Winter is Coming: Preparing for freezing temperatures

Published 5:14 pm Monday, January 15, 2024

In preparation for what will likely be poor road conditions and below-freezing temperatures, the Alabama Emergency Management Agency (AEMA) provided some safety tips.

The hard freeze is forecasted to come Monday night and Tuesday morning, with temperatures remaining low throughout the week. For those who have to drive to work or school, there are some precautions to stay safe on the road. 

Jaleesa Diggins, a Communication and PR specialist for the AEMA, said to have a point of contact when traveling during winter conditions. Make sure someone knows where you will be traveling to and when you are expected to reach your destination, in case something happens on the way.   

Email newsletter signup

Diggins adds that having an alternate route is a good idea. Ice may affect the roadway you plan to travel on. Keeping phones charged is extremely important during bad weather. Diggins said to charge before leaving your home and make sure there is a charger in your car. 

Before the freeze, make sure your vehicle is running smoothly. Check fluids like coolants, oil, and windshield wiper fluid. Tires tend to decrease pressure during cold temperatures, so fill tires up and make sure the tread is adequate for icy conditions. Above all else, drive with caution. Avoid bridges and overpasses when possible, because they are often the first to freeze. If something should happen and your car gets stuck, it is helpful to have emergency kits with first aid supplies, snacks, water, blankets, flashlights, jumper cables, and cat litter for tire traction. 

For those who can stay home, Diggins emphasized the safe use of heating sources. Nothing flammable should be near a lit fireplace. For a portable heating source, like a space heater, it should be at least two to three feet away from anything flammable. Sources that use kerosene should be away from walls. If residents are using kerosene, make sure there is a working carbon monoxide detector with fresh batteries in the home. 

Diggins said the AEMA encourages people to get and check carbon monoxide and smoke detectors year-round but it is especially important in the winter when various heat sources are in use.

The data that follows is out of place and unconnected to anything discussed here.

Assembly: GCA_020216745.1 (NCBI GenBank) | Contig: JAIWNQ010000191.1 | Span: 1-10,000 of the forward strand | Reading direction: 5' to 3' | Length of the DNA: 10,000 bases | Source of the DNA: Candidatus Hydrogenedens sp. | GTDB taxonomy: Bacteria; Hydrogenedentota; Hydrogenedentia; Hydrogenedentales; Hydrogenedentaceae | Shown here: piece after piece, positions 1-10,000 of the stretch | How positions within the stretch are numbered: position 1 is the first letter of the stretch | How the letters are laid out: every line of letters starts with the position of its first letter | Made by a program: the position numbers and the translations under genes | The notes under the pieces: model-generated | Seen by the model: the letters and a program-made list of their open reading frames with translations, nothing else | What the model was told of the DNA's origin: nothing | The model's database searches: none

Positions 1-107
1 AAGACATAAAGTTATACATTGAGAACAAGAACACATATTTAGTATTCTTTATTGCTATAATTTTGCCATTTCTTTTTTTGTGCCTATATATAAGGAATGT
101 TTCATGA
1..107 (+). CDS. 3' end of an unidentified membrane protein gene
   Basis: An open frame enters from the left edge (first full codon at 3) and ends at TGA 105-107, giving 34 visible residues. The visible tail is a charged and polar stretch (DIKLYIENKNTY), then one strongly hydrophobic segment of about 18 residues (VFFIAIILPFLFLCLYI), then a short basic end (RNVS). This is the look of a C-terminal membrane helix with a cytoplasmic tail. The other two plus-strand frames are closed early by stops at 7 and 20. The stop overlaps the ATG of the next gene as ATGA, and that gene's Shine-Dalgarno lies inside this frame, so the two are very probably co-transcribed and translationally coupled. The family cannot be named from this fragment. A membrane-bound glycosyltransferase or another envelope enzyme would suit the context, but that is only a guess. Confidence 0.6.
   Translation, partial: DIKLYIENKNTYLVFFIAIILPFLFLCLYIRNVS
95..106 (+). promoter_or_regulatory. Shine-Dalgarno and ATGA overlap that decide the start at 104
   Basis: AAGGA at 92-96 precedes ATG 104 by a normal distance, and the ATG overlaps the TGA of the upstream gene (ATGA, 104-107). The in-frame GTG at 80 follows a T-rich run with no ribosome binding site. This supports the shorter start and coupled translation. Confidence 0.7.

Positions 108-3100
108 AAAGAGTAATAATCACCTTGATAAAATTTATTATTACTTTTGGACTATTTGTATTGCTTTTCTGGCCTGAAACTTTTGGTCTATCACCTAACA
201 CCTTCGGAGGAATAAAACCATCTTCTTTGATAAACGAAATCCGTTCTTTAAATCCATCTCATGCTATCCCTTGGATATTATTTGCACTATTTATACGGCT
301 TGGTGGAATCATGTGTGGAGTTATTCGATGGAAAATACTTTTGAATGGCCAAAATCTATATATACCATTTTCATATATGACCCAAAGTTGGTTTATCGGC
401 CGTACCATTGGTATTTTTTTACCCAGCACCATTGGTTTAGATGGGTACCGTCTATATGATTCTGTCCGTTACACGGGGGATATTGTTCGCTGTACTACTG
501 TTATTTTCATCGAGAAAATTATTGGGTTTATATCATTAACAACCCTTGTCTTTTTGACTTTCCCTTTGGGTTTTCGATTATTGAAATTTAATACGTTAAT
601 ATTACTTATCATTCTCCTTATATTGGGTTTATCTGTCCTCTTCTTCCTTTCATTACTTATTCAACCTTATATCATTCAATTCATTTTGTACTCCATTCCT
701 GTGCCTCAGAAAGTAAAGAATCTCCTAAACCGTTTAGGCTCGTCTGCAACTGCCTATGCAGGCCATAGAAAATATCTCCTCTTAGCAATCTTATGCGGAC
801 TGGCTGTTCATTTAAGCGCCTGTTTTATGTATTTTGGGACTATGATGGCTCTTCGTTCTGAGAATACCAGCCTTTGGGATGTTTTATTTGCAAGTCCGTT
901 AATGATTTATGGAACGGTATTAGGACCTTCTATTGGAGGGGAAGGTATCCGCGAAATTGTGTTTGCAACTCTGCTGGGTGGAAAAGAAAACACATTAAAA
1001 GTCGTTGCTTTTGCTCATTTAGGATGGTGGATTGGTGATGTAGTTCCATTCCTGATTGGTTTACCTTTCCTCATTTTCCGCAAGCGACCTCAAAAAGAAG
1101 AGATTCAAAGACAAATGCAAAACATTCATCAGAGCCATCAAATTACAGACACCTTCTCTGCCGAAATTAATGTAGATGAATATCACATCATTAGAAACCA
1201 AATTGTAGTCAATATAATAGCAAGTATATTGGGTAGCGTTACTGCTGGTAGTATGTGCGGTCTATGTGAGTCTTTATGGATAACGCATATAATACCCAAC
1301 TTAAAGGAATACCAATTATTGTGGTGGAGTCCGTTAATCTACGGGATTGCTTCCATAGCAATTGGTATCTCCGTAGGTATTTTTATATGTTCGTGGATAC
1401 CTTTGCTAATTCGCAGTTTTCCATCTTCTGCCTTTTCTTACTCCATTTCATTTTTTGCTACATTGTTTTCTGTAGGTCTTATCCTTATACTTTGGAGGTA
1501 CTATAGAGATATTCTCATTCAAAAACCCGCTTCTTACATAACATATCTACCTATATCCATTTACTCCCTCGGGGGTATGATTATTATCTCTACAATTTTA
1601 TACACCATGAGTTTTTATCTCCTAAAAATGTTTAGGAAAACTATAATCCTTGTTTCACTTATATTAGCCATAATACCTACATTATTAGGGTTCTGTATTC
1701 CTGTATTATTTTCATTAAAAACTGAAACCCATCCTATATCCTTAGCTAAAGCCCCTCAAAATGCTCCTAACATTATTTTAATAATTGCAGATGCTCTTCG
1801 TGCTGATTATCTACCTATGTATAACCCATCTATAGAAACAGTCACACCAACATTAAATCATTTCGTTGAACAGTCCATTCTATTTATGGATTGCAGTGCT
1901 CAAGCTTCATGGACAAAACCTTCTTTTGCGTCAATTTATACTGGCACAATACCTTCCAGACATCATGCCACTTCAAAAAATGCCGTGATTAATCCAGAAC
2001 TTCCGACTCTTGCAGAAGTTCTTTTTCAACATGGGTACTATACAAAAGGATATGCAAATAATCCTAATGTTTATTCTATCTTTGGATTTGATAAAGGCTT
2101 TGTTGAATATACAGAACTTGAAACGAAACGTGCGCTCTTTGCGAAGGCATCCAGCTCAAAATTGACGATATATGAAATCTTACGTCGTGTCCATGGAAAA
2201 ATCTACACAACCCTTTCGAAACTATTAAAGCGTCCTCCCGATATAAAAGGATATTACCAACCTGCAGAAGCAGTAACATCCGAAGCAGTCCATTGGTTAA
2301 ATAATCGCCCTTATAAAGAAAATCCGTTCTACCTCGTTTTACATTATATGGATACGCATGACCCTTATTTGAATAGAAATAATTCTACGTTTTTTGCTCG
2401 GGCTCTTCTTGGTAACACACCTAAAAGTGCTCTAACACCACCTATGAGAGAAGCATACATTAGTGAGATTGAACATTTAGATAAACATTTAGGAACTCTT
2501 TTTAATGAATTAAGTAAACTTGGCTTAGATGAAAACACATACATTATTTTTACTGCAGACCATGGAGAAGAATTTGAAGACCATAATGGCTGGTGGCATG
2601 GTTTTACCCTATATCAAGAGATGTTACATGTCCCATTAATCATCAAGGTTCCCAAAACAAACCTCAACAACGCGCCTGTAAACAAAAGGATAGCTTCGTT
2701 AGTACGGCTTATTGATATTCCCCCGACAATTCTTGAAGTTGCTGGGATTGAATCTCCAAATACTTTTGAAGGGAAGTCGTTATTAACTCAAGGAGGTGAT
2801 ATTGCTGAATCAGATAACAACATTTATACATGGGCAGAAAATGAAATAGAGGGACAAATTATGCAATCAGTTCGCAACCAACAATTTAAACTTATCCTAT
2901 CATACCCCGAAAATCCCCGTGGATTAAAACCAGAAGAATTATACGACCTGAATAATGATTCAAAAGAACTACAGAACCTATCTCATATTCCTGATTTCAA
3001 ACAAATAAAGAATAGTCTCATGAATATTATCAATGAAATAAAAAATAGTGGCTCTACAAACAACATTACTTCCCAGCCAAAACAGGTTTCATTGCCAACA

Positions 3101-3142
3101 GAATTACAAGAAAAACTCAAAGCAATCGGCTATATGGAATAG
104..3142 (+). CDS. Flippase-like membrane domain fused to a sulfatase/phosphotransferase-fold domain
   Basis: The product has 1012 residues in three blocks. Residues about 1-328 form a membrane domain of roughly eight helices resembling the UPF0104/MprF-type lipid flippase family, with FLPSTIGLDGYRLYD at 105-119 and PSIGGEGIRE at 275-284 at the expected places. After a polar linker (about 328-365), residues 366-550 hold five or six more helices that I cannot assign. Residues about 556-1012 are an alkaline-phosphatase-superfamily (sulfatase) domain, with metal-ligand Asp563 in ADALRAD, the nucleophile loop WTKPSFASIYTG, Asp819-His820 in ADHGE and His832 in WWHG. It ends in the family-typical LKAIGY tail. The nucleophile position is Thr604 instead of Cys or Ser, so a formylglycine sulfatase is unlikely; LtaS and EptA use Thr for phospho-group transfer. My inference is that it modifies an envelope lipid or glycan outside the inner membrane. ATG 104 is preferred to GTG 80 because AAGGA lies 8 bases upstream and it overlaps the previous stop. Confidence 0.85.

“Never use the gas oven [as a heating source]. I know a lot of people will push that saying that they can use their gas oven to heat their home but never do that,” Diggins said. 

If the heat in your home were to go out, Diggins said to stay in a central location and close the doors to rooms not in use. Putting towels and blankets under doors can help keep the heat inside the room. 

For owners of generators, they should be at least 20 feet away from your windows, doors, and garages. Like all other heat sources, they should be kept clean. Users need to let generators cool down completely before refueling them.

If possible, homeowners and businesses ought to have their pipes insulated to protect them from freezing. For businesses or houses that will not be in use, the AMEA recommends turning the water off at the meter. Water shouldn’t be turned back on until the temperature is above 32 degrees. If the water remains on overnight, turn on the water sources slowly to avoid big leaks. 

Diggins recommends that everyone invest in a weather radio to stay up to date if the internet goes out. 

According to the National Weather Service in Birmingham, Chambers County is under a hard freeze warning for through Wednesday morning. Governor Kay Ivey put northern counties under a state of emergency on Sunday due to the possibility of “ice, snow, sleet, and freezing rain, as well as extreme prolonged freezing temperatures,” according to the proclamation by the Governor.